Ca. 2nd century B.C.E.-5th century C.E.
Transferred from the Latin Department, Amherst College
AC 1946.94

Strigils were cleaning instruments used to scrape oil, sweat and dirt from the skin after bathing or exercise. Romans adapted their strigils from Etruscan and Greek models. In Hellenistic Greece, athletes applied olive oil to their skin before exercise and competition and then used strigils to clean their bodies afterwards. However, Romans viewed Greek athletics as impractical and decadent, and they adapted the strigil for use in their bathhouses. Greek strigils tended to be made of iron while Roman strigils were more often bronze; however, Romans used a variety of metals for strigils and so the provenance of strigils cannot always be determined from the material with which they were made.

This bronze strigil’s simple rectangular handle and curved blade is typically Roman. The popularity of baths increased from the end of the Republic to the Imperial Period when Romans built baths throughout their empire as a way to assimilate the provincials. Patrons of the baths rubbed olive oil onto their skin and then moved through a sequence of heated and cooled rooms before a slave used a strigil to remove the accumulation of oil and sweat. The strigils were likely used either outside in the exercise area or in a special “oiling room” called a destrictarium.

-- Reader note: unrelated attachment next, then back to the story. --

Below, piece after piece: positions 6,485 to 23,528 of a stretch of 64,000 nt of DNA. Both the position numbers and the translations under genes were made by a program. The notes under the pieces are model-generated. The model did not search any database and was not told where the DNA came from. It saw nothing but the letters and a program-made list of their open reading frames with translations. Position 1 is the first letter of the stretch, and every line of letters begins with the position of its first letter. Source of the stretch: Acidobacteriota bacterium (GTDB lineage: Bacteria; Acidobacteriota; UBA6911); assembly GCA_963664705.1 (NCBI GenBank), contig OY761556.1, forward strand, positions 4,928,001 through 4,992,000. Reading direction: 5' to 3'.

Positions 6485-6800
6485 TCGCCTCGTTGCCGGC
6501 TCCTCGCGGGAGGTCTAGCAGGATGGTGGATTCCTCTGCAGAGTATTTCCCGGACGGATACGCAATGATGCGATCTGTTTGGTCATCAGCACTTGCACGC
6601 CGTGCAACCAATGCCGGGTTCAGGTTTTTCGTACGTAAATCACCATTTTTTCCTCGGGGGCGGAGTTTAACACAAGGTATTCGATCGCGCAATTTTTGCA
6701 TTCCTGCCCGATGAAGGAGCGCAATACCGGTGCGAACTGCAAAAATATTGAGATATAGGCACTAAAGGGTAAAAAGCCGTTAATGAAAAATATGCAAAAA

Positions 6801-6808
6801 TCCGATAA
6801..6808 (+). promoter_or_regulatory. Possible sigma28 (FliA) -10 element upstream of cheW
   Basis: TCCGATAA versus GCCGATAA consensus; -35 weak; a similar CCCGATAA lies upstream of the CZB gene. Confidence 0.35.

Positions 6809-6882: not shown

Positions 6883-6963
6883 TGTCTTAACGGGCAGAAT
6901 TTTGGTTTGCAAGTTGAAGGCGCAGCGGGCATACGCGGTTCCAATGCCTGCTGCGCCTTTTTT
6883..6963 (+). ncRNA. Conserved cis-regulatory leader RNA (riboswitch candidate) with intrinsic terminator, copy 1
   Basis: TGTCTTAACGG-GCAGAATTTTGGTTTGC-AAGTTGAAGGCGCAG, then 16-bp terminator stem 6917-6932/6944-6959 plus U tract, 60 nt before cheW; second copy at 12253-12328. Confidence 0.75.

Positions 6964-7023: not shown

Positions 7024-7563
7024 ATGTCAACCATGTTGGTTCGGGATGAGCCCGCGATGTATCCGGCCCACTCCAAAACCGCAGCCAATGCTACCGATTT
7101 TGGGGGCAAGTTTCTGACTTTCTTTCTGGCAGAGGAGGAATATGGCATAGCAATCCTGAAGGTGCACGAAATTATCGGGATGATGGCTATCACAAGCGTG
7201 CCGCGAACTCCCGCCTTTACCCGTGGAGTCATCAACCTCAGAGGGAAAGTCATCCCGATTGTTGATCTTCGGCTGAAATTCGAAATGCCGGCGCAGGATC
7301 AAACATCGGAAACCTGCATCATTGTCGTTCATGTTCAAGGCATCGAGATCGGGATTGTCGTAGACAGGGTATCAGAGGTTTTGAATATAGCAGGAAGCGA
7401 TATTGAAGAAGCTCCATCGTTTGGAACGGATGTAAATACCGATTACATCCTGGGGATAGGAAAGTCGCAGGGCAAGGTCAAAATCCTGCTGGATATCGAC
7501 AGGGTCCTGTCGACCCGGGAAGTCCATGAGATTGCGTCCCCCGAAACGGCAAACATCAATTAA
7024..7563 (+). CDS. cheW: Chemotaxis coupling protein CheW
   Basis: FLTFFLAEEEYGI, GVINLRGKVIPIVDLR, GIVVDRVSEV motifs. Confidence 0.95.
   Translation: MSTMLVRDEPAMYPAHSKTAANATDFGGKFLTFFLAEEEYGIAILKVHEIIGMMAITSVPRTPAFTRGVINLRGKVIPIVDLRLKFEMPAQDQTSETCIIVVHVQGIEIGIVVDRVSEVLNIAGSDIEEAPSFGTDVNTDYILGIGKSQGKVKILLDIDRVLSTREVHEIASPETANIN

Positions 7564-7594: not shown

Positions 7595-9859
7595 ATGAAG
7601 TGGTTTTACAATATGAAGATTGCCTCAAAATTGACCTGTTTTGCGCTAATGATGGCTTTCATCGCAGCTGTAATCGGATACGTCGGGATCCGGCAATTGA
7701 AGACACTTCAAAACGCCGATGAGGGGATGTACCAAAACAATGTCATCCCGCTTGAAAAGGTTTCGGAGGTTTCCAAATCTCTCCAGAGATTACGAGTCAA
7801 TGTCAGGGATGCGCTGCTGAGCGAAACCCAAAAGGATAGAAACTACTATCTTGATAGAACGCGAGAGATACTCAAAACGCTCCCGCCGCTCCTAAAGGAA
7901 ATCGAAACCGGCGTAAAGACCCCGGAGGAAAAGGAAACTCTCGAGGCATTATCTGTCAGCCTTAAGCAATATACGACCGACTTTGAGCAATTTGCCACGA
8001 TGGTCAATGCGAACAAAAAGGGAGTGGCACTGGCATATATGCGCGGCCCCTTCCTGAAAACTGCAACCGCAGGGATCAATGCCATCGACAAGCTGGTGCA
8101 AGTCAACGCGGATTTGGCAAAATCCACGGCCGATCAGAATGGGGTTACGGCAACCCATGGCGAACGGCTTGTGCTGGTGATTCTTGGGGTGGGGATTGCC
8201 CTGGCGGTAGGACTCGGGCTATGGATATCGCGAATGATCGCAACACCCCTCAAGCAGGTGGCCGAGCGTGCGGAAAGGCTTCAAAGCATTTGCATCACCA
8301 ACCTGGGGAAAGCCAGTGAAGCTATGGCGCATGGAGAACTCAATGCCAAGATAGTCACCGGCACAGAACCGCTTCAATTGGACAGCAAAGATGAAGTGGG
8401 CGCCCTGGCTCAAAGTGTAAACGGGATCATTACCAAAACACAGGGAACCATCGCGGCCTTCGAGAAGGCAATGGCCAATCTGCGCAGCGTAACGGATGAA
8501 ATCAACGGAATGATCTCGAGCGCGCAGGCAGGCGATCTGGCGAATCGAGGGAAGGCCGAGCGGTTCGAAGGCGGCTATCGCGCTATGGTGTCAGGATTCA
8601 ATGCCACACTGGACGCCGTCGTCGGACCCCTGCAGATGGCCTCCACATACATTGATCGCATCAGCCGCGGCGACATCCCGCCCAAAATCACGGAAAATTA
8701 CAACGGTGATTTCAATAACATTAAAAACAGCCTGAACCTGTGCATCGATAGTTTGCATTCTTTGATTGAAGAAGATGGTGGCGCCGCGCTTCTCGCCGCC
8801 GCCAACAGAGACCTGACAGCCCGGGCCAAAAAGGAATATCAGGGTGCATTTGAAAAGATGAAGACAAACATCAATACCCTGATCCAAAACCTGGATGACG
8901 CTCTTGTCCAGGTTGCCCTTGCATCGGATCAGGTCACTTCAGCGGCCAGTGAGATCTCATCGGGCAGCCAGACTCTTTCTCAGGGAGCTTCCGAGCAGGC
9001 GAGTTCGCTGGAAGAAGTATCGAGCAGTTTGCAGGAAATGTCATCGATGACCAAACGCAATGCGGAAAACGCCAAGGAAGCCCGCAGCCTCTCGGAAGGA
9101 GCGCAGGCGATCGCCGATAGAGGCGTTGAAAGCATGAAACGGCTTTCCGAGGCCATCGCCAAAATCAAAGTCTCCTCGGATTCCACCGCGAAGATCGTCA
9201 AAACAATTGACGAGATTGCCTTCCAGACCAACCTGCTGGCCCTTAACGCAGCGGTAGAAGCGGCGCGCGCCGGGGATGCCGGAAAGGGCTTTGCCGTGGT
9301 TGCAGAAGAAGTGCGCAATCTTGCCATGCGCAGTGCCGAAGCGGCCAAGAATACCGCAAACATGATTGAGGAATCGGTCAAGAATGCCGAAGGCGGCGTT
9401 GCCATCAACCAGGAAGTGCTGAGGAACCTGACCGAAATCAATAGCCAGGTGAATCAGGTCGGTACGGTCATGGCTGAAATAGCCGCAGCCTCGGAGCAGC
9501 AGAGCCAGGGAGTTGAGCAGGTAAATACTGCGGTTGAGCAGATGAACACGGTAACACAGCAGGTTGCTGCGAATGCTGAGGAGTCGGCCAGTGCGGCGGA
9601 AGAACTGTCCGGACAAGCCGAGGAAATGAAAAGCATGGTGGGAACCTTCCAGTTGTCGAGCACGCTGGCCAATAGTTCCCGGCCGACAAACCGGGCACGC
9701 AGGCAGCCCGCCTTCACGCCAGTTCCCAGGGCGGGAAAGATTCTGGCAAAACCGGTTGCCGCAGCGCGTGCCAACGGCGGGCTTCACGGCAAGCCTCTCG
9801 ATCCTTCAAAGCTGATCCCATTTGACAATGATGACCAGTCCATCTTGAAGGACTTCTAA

Strigils were used by people from all levels of Roman society, from the poor plebeians to the powerful Senators. The ancient historian Suetonius points out that Emperor Augustus himself developed marks on his body due to his “vigorous use of the strigil”. Wealthy Romans brought their own slaves and bathing instruments, including strigils, to the baths. These strigils could be decorated or made of more expensive materials such as silver or tin.

This strigil is unadorned bronze, which suggests that either a lower class patron or a bathhouse owned it. Often bathhouses provided slaves, oil and bathing instruments to patrons who could not afford to bring their own. Due to the widespread distribution of baths in the Imperial period and the lack of decoration of this particular strigil, it is impossible to determine where and when it was manufactured.

Written by Marissa Drehobl, Matthew Herman, and Victoria Rduch, Class of 2009